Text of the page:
As comedy enthusiasts have known for a while, it’s been one heck of a year for Tig Notaro. Last night, she stopped by Conan for an interview and a full recap on everything going on in the world of Tig. After battling some serious health issues (including pneumonia and breast cancer), going through a tough break-up, and losing her mother, Tig powered through to give a hugely-acclaimed show at The Largo in Hollywood. Louis CK was so impressed with the show, he is working with Tig to release the audio version of the performance through his own websiteLive (as in “to live”), will be available for $5 starting October 5. You can watch Tig’s full chat with Conan and Andy Richter below.

Adam Norwest Interview

Seattle-based comic Adam Norwest is quick (and hilarious) at putting himself down. Yet no matter how often he points out his alpha-male shortcomings, his comedy remains confident, tight, and focused. Rooftop is thrilled to release One of a Kind, the debut album from Adam, who recently won the title in CMT’s Next Big Comic. We recently chatted with Adam about his love for Seattle culture, navigating “offensive” material, and more.

Rooftop Comedy: Your album cover is a nice twist on the iconic Nevermind album from Nirvana. Why the homage?

Adam Norwest: For a couple reasons. One being that I’m from Seattle and I thought that it would be cool to have a Seattle reference on my album. Two: I think being naked is funny in general—especially me being naked, for some reason. It’s never a sexy thing. It’s just supposed to be hilarious—especially considering the fact that I don’t have a penis on the CD cover.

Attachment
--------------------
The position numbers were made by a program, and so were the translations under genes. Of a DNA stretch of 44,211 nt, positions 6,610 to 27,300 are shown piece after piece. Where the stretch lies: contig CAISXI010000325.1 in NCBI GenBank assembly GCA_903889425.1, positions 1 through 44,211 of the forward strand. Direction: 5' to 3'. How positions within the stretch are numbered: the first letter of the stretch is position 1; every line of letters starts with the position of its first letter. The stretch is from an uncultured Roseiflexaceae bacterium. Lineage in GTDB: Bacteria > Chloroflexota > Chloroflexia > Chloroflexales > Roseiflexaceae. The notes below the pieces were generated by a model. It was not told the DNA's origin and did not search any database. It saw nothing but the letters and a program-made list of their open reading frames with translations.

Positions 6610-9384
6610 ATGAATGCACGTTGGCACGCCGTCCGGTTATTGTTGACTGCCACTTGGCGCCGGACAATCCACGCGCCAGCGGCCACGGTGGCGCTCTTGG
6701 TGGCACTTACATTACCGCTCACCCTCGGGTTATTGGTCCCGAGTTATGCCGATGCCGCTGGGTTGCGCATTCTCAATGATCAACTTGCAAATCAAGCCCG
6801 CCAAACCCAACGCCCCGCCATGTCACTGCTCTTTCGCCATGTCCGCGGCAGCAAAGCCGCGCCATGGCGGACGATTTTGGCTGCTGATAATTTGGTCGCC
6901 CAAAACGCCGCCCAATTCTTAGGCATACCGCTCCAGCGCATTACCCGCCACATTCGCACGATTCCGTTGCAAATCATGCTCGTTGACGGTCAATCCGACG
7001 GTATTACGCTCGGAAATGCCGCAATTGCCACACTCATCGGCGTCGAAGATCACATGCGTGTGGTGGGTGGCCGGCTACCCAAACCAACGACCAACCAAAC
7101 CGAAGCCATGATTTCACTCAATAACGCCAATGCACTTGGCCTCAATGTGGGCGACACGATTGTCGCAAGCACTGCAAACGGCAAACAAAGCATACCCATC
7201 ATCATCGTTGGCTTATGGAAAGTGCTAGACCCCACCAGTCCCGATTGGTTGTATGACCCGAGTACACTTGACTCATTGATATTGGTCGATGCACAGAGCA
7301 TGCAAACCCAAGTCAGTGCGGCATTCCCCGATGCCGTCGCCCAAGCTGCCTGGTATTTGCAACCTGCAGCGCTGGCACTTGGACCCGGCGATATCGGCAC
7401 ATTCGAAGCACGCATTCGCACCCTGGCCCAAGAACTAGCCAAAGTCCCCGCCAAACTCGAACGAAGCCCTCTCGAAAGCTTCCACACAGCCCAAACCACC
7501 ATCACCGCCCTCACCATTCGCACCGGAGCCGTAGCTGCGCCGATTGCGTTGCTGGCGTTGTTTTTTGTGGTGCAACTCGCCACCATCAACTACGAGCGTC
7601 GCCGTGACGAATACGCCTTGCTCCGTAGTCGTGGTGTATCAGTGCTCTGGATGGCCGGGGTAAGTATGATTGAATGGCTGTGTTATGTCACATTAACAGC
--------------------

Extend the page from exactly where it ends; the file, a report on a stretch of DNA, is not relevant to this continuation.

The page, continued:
RC: Are you still pretty active with the Seattle comedy scene?

AN: Yeah, this is where I’m from, so it’s my home. I perform here as often as I can. Tacoma Comedy Club is my home club now, but I’ve worked all over the Northwest. I owe a lot to the clubs here—especially Tacoma and Laughs Comedy Spot for all the stage time they’ve given me to help develop who I am now as a comic.

RC: What sort of changes have you seen in the Northwest comedy scene?

AN: It’s interesting, because, when I started, obviously, I was the newest person. Then, within three or four years, I was in the top ten percent of people who had been doing comedy the longest. It’s just amazing how often people either move away or just drop out and stop trying. That’s probably the biggest change I’ve noticed. [In terms of comedy], I don’t think a lot’s changed. A lot of people are still trying to follow an alt-scene or trying to work the road. Seattle is a great town for comedy. Anytime a bigger name comes through and they may play a theater or they may play a large club in another town, just because Seattle is so supportive of the arts and of stand-up.

RC: So there are some smaller rooms where comics like to work out material?

AN: Seattle’s a great scene as far as that goes. Our open mics have good audiences and then there’s different bar shows and little theater shows. There’s tons of stage time. It’s a great place to do comedy and develop comedy.

RC: Do you have any pre-show routines?